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Snow Sports in Texas

Properly training for winter sports in snow starved Texas

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Skiers skiing down mountain
Training for winter sports without snow can be challenging. Austin Fit Magazine/ austinfitmagazine.com
Snowboard training Indo balls
Exercises like this one can help with balance and strengthen knees, the part of the body most likely to be injured on the slopes. Austin Fit Magazine/ austinfitmagazine.com
TRX Core Workout
Core strengthening exercises can help reduce injury. A & A Photography/ Austin Fit Magazine
Skiers skiing down mountain
Snowboard training Indo balls
TRX Core Workout

Editor's note: Each month, CultureMap features an exclusive story from Austin Fit Magazine. This month, the magazine offers insight on training for snow sports in Texas. The February issue is on newsstands now.

Training for snow sports hundreds of miles away from the nearest ski resort can be challenging. Both snow skiing and snowboarding require muscles that people don’t typically use and can put a lot of strain on the quads and lower back, meaning that even very active people can find themselves sore after the first day on the mountain.

Good preparation can help avoid some of that soreness as well as reduce the potential for injury. Here are some ideas on how to get your body in good skiing and snowboarding shape, even in snow starved Texas.

If the gym is your thing, then use core-building exercises like crunches, sit-ups, abdominal machines, and any other method of abdominal strengthening you might prefer. Some of the more creative, not so obvious exercises include working out on Indo boards and half balance domes, like the Bosu ball. These exercises challenge your balance as well as work your core muscles. It’s almost impossible to use one without the other, so exercises that focus on both balance and core are ideal for winter sport preparation.

 It’s almost impossible to use one without the other, so exercises that focus on both balance and core are ideal for winter sport preparation. 

The key to a successful day on the slopes means a mix of endurance and core strength, but quad durability can take snow sports to the next level — especially when snowboarding. Quad strength is essential for snowboarding basics, like stopping. Working front and side box jumps as well leg presses into your fitness routine can be helpful in building quad strength and dominating on the slopes.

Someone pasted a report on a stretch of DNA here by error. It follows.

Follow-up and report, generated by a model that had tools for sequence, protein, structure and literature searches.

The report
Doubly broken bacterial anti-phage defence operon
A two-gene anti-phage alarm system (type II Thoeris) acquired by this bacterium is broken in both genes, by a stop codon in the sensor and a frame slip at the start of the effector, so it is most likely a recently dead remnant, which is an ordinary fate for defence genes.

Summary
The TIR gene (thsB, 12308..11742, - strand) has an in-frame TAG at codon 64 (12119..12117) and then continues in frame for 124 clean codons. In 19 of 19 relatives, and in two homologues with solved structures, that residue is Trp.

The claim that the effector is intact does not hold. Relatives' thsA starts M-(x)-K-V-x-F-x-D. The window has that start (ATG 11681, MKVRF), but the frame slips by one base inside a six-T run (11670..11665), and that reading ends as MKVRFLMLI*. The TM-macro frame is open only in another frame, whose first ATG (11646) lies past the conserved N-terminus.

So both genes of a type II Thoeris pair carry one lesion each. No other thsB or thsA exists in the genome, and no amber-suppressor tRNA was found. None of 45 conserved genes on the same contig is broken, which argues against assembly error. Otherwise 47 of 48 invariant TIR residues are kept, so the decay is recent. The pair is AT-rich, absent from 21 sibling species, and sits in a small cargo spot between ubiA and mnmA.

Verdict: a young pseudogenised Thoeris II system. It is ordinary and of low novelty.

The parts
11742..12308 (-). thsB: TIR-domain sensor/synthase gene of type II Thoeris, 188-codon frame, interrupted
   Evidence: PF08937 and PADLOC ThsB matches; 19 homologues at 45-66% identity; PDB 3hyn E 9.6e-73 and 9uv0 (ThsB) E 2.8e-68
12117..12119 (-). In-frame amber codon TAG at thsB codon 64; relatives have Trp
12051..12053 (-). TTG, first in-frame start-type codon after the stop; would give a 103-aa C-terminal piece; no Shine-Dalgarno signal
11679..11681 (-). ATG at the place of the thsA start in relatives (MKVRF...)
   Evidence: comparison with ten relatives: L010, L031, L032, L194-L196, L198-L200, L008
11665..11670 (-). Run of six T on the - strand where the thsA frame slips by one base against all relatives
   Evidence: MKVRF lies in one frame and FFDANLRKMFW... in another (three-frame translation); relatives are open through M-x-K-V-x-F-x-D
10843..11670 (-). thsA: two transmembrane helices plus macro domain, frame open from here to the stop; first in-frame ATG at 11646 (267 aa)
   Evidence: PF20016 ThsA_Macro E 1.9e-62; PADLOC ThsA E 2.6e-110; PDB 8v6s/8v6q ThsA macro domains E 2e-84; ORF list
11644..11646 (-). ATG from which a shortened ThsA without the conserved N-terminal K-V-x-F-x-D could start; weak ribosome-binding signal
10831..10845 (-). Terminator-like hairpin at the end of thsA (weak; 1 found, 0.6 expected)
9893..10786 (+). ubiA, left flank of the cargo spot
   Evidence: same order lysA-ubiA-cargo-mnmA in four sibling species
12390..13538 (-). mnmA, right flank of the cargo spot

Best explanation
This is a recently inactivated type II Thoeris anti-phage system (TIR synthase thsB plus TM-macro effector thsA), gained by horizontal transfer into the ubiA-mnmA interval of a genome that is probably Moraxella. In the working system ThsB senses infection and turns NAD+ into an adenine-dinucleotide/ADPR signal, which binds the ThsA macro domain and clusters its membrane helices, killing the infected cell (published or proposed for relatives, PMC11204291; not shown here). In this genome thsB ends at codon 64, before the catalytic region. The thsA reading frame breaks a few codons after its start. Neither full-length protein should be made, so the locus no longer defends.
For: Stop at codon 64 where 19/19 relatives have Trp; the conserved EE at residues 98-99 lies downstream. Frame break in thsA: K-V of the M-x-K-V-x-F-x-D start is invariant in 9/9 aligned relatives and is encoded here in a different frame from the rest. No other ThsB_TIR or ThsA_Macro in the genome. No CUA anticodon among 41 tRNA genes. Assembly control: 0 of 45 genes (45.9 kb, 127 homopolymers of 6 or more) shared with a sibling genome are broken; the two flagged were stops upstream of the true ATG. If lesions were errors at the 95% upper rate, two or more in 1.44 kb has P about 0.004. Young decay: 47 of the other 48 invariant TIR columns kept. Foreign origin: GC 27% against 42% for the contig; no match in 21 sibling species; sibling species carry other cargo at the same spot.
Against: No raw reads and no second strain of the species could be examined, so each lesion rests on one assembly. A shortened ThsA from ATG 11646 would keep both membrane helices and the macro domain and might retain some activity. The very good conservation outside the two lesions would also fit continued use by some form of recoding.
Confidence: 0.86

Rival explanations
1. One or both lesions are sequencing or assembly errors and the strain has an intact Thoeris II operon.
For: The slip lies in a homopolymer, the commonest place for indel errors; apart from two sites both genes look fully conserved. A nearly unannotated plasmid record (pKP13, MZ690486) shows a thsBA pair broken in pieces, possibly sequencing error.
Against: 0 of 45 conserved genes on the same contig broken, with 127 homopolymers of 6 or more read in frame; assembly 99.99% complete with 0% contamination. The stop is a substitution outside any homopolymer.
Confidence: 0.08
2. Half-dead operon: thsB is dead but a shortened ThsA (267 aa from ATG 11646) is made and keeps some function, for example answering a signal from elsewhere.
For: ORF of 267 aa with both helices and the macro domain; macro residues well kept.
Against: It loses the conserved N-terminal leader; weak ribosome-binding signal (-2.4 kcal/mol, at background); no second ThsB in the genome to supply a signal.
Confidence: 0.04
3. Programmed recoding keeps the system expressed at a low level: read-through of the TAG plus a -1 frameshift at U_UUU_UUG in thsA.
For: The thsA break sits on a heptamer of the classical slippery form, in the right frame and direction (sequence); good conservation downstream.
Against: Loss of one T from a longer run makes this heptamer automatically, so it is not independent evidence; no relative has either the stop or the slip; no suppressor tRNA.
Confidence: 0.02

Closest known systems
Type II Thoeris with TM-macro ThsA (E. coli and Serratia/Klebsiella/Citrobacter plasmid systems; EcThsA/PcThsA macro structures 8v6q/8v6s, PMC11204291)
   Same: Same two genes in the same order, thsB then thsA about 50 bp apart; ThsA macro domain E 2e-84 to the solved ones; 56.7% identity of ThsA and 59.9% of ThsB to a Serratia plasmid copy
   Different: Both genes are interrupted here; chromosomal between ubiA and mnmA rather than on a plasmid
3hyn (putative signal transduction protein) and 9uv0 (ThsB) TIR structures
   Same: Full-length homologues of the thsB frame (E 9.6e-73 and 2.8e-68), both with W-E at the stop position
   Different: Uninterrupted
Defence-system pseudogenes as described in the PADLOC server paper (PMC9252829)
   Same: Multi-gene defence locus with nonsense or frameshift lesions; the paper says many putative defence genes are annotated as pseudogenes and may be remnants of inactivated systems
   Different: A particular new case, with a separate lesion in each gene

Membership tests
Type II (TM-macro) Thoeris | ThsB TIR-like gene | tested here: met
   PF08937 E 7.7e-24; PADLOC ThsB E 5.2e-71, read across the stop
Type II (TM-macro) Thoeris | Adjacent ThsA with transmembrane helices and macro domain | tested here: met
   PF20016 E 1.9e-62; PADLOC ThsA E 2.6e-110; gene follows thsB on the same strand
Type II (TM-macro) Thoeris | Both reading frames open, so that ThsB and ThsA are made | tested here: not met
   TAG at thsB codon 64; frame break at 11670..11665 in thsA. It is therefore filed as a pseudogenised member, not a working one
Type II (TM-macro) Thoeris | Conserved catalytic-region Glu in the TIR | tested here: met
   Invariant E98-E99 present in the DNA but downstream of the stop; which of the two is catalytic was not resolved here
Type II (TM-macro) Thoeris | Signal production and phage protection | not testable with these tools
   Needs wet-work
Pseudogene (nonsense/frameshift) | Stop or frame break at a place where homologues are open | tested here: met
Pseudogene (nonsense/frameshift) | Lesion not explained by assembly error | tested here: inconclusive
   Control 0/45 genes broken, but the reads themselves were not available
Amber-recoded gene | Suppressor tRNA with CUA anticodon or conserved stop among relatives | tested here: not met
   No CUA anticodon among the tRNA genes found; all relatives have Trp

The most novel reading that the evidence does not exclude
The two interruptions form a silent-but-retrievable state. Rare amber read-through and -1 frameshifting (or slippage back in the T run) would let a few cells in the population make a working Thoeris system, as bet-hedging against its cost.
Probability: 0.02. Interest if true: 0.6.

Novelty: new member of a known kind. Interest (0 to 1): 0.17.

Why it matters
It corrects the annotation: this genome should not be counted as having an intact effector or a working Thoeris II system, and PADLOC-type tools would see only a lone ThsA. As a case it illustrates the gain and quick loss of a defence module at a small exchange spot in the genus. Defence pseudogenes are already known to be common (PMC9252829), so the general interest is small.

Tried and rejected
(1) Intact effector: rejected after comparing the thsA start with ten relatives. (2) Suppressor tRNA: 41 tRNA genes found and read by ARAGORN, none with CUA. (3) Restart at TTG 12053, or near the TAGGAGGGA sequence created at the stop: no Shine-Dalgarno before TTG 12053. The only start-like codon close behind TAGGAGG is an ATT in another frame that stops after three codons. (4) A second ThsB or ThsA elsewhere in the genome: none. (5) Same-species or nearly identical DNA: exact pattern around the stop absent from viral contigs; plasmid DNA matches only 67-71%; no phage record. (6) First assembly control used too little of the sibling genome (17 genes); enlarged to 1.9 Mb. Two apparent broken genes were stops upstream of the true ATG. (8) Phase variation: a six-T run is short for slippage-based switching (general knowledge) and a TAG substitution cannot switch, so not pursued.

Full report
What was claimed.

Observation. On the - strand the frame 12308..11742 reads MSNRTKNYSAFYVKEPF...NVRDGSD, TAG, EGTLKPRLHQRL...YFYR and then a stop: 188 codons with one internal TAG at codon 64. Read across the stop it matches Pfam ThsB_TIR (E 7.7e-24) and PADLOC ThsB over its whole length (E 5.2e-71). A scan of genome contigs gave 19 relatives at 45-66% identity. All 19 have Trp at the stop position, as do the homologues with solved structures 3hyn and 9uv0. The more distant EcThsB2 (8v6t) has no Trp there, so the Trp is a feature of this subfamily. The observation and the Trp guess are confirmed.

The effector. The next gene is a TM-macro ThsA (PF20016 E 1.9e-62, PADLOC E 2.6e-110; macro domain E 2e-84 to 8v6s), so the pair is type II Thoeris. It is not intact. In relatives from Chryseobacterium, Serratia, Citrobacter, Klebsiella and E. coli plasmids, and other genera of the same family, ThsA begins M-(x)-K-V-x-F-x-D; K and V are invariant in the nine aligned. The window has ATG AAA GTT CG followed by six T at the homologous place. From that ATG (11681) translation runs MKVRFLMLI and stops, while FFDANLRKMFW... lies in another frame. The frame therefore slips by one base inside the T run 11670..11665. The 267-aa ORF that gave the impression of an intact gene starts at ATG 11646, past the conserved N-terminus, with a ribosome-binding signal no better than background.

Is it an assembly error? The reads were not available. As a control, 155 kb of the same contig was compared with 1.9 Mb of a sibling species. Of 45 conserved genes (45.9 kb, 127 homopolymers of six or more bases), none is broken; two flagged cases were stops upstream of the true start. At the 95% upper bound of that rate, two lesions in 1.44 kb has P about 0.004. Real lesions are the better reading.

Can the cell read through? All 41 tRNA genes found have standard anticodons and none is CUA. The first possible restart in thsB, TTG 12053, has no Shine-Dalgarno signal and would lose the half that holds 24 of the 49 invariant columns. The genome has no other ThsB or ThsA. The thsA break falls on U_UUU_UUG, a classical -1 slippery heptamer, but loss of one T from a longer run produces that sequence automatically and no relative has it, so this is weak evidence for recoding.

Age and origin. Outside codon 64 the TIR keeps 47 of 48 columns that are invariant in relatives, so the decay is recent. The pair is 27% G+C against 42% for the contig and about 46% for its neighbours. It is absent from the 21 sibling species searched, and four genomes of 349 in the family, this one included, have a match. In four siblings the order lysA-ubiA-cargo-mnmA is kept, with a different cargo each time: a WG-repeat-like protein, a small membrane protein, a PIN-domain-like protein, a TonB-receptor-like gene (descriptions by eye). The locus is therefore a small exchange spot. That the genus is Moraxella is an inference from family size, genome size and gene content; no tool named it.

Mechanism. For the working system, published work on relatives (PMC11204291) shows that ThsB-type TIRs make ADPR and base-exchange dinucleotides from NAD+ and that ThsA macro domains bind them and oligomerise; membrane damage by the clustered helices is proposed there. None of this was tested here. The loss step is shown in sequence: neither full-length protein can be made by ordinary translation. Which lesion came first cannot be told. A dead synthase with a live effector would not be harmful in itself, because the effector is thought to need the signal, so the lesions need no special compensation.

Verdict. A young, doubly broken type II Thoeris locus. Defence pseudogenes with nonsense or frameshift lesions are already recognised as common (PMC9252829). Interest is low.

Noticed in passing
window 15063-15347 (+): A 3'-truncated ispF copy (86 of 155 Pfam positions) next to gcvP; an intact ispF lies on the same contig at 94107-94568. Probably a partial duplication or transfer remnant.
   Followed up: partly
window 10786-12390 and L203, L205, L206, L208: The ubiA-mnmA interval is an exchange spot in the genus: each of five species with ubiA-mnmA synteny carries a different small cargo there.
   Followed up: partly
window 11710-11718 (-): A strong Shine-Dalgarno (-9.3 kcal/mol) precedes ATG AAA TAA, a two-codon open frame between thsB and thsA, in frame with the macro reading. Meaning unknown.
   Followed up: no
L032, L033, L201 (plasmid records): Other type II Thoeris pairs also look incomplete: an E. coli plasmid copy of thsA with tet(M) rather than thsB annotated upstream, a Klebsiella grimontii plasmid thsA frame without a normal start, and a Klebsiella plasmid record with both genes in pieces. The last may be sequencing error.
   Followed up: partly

Death Valleys are one workout that I learned in high school and I still find challenging to this day. If you have access to a high school stadium, run the outside curves of the track and then use the stands to run stairs. This works your endurance as well as challenging your muscles.

Nobody likes thinking about getting hurt on the hill, but knee injuries are the most common injuries that the ski patrol encounters. While developing balance is a great way to reduce injury, finding ways to strengthen the inside and outside of the knees can be beneficial. Any type of exercise that has you moving laterally will really work parts of the leg and knee that might otherwise get neglected.

Resistance bands are another great way to strengthen the outside of the knees. This is another area where the Indo Board comes in handy; the effort to keep your balance on the board will work your core as well as the inside and the outside of the knee without any impact. If you aren’t experienced on this piece of equipment, ask for a spotter or hold onto something stable until you get comfortable. Practicing with your Indo Board in the grass or on carpet can also help.

Improving strength and balance are key steps in preparing for a ski or snowboarding trip, but make sure you take the time to work on your stretching technique. Stretching before a day of snow skiing or snowboarding is huge. Once you are at the mountain, the two most important things to keep you in good shape are stretching and hydration.

Taking a little extra time to prepare for your trip is fully worth avoiding an injury while on vacation. The snow is good this year so get planning. What are you waiting for?

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